Whenever there is a major volcanic eruption in the world, you'll see a slew of newspaper articles and nightly news stories covering the catastrophe, all stressing a familiar set of words -- violent, raging, awesome. When faced with a spewing volcano, people today share many of the same feelings volcano-observers have had throughout human history: We are in awe of the destructive power of nature, and we are unsettled by the thought that a peaceful mountain can suddenly become an unstoppable destructive force!
While scientists have cleared up much of the mystery surrounding volcanoes, our knowledge has not made volcanoes any less amazing. In this article, we'll take a look at the powerful, violent forces that create eruptions, and see how these eruptions build volcanic structures like islands.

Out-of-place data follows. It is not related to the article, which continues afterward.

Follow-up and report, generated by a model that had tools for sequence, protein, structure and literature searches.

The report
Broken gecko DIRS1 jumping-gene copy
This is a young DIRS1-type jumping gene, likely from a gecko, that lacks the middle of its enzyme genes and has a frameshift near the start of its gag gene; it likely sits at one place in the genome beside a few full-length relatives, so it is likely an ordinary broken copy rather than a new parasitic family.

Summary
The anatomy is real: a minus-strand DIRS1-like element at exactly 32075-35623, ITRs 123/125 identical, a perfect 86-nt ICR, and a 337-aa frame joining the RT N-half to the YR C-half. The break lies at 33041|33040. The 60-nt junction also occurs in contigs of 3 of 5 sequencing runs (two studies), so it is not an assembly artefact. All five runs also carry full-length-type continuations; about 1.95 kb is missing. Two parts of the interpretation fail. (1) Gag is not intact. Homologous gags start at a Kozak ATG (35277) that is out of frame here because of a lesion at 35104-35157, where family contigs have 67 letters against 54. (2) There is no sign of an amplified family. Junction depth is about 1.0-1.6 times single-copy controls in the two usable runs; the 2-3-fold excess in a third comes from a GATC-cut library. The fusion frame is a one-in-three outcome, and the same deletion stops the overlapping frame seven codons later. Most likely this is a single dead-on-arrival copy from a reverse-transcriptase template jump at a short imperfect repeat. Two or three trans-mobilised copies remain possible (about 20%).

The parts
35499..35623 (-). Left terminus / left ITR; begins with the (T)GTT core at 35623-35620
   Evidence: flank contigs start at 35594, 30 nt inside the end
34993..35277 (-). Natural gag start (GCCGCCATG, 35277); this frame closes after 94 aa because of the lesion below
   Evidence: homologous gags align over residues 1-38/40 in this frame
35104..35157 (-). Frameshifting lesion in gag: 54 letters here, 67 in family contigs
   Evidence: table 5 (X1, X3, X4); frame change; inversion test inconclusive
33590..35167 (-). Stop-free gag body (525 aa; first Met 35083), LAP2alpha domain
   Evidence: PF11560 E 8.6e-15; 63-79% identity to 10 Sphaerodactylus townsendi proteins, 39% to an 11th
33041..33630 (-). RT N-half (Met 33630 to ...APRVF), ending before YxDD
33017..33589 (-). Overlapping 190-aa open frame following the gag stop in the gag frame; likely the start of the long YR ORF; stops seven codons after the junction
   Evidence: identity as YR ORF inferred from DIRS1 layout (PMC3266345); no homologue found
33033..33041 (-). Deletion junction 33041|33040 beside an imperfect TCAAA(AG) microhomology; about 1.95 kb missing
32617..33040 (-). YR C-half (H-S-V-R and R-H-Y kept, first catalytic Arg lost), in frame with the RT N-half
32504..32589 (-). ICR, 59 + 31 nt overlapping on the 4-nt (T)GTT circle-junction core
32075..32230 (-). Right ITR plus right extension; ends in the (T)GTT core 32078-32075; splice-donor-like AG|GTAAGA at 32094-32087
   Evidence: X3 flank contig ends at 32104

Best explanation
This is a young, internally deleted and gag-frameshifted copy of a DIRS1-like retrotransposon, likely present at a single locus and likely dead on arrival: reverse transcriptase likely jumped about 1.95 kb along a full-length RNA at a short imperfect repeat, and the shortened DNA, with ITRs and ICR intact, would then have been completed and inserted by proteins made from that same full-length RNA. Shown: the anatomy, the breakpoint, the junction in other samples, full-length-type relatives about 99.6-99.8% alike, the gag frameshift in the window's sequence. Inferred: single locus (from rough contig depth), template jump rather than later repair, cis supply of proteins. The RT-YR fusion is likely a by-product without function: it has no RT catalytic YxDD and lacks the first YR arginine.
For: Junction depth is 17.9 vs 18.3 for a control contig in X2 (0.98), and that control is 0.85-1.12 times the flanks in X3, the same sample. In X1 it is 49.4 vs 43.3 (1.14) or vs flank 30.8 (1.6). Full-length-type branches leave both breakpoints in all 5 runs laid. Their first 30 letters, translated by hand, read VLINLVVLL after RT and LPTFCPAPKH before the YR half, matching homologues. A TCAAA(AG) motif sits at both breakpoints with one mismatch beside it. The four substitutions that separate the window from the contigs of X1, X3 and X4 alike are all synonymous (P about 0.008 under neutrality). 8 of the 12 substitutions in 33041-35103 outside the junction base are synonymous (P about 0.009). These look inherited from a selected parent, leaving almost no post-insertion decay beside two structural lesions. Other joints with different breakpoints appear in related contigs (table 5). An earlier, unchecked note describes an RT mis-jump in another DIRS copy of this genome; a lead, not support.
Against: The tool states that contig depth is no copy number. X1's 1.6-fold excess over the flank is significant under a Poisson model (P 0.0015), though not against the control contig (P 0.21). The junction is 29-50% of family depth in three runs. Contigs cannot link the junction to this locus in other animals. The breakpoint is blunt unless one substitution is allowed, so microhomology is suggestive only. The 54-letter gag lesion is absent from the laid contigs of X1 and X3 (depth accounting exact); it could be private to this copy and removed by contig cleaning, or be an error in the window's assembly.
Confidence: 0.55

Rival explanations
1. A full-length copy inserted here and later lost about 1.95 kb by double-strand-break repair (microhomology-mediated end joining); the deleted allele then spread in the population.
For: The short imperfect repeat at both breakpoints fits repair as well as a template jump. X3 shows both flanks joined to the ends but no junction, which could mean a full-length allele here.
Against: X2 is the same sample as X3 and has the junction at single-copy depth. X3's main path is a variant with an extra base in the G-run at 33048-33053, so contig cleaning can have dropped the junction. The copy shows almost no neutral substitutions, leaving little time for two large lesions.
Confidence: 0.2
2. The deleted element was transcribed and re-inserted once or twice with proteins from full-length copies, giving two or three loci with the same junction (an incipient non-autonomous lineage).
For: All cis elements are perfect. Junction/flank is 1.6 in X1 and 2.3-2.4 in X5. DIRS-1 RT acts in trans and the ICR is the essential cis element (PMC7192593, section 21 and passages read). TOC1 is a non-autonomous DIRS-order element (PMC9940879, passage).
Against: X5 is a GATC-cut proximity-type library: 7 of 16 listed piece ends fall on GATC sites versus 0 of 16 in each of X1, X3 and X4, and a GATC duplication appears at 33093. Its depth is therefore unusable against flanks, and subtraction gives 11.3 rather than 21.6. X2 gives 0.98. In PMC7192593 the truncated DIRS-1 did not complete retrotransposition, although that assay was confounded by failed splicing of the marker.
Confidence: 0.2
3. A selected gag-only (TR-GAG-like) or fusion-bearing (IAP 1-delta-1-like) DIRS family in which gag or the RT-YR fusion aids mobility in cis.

When people think of volcanoes, the first image that comes to mind is probably a tall, conical mountain with orange lava spewing out the top. There are certainly many volcanoes of this type. But the term volcano actually describes a much wider range of geological phenomena.
Generally speaking, a volcano is any place on a planet where some material from the inside of the planet makes its way through to the planet's surface. One way is "material spewing from the top of a mountain", but there are other forms as well. Check out the next page to find out more about magma (that "material spewing") and plate tectonics!